- Another study from the European Journal of Investment Systems shows that 18% of the difference between the overall performance of organizations is explained by the level of strategic alignment between their business goals and the activities undertaken by the IT department. So, aligning IT investments to support your strategy really is important.
There are many studies into the impact of strategic alignment, but the message is clear. Strategic alignment matters because it is very strongly linked to improved business results.
Strategic Alignment of Projects and Initiatives
Selecting projects and initiatives is one area in which strategic alignment can be easily and quickly improved and where that work has a massive impact on the performance of your organization.
Selecting projects is often done by an executive committee and, because of this level of visibility, people tend to assume that the resulting project portfolio is aligned to strategy.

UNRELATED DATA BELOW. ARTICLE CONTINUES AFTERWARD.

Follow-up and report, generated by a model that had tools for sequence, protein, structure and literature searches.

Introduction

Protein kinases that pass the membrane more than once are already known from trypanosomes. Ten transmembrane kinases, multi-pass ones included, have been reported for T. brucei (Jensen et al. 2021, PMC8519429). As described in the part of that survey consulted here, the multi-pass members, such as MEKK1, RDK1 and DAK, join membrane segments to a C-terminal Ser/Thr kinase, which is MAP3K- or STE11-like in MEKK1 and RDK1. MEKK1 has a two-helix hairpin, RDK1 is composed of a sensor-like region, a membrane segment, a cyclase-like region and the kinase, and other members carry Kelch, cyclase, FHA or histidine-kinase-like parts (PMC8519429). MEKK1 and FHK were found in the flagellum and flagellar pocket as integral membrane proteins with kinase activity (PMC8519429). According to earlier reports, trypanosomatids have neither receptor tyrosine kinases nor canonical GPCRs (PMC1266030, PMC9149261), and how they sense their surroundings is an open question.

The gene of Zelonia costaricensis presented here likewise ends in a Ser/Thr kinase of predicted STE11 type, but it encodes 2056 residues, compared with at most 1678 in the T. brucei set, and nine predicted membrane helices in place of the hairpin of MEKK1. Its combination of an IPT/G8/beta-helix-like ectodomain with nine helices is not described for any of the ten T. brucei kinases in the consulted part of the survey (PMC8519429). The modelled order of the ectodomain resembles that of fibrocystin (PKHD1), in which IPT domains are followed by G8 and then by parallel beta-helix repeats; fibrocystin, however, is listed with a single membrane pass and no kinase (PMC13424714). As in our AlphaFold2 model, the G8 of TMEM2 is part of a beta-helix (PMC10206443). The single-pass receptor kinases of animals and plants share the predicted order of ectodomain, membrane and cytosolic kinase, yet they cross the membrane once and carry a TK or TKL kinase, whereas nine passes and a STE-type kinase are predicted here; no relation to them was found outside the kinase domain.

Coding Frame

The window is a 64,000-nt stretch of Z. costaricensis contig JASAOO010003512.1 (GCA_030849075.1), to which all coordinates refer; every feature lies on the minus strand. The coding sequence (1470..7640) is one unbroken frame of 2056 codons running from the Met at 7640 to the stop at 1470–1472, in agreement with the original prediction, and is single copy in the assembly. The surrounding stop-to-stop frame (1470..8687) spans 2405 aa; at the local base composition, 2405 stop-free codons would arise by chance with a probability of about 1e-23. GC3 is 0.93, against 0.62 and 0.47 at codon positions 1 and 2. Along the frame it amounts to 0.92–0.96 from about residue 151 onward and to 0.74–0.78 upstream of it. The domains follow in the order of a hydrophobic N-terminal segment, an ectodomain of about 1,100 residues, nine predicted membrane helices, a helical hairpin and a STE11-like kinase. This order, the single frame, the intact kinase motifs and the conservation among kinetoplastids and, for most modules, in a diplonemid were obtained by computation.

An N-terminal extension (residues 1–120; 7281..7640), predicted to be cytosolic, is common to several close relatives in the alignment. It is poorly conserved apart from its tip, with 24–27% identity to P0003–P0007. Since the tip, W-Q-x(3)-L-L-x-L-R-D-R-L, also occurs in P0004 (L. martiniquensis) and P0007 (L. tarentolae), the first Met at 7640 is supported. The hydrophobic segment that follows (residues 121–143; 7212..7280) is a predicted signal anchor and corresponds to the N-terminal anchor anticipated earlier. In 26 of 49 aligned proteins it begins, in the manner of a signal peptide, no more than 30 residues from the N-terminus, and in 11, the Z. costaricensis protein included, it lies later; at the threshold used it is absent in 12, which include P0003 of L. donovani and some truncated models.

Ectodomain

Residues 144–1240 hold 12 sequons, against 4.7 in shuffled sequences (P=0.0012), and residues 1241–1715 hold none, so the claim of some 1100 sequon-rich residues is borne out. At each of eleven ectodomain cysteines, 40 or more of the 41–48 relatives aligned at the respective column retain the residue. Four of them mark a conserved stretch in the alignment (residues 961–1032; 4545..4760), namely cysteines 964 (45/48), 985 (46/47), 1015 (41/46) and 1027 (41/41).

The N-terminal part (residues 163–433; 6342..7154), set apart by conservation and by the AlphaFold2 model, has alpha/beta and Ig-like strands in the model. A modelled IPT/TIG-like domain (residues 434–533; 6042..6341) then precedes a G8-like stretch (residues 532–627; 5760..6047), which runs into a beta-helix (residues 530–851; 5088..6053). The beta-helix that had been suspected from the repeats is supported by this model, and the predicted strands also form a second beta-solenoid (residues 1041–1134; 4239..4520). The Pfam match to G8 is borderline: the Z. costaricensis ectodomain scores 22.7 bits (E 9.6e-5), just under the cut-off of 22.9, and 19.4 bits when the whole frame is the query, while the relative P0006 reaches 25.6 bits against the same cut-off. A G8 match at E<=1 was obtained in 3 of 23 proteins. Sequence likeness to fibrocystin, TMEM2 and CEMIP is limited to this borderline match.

Research indicates that this is not the case. According to research by PMI, 20% of projects in your portfolio contribute so little to strategic goals that they should be stopped.
This matters because 50% of projects are under-resourced. By focusing resources on the most strategically important projects, you deliver value with lower risk. In fact, projects that are aligned with strategy are 57% more likely to achieve their business goals.
Let's put it another way. By measuring the strategic outcomes of your projects and ending projects that are not delivering your intended results, you can reallocate those resources to other successful projects or begin a new, strategically aligned one. Spider Impact makes the whole process data-driven and highly visual so you can actually see the impact your projects are having on your strategic goals.
Spider Impact for Strategic Alignment and Execution
Spider Impact strategy execution software helps governments, organizations, and non-profits around the globe become strategically aligned to successfully execute strategy and deliver improved business results. Try it free today with a Spider Impact test drive, or request a demo with one of our customer success advocates.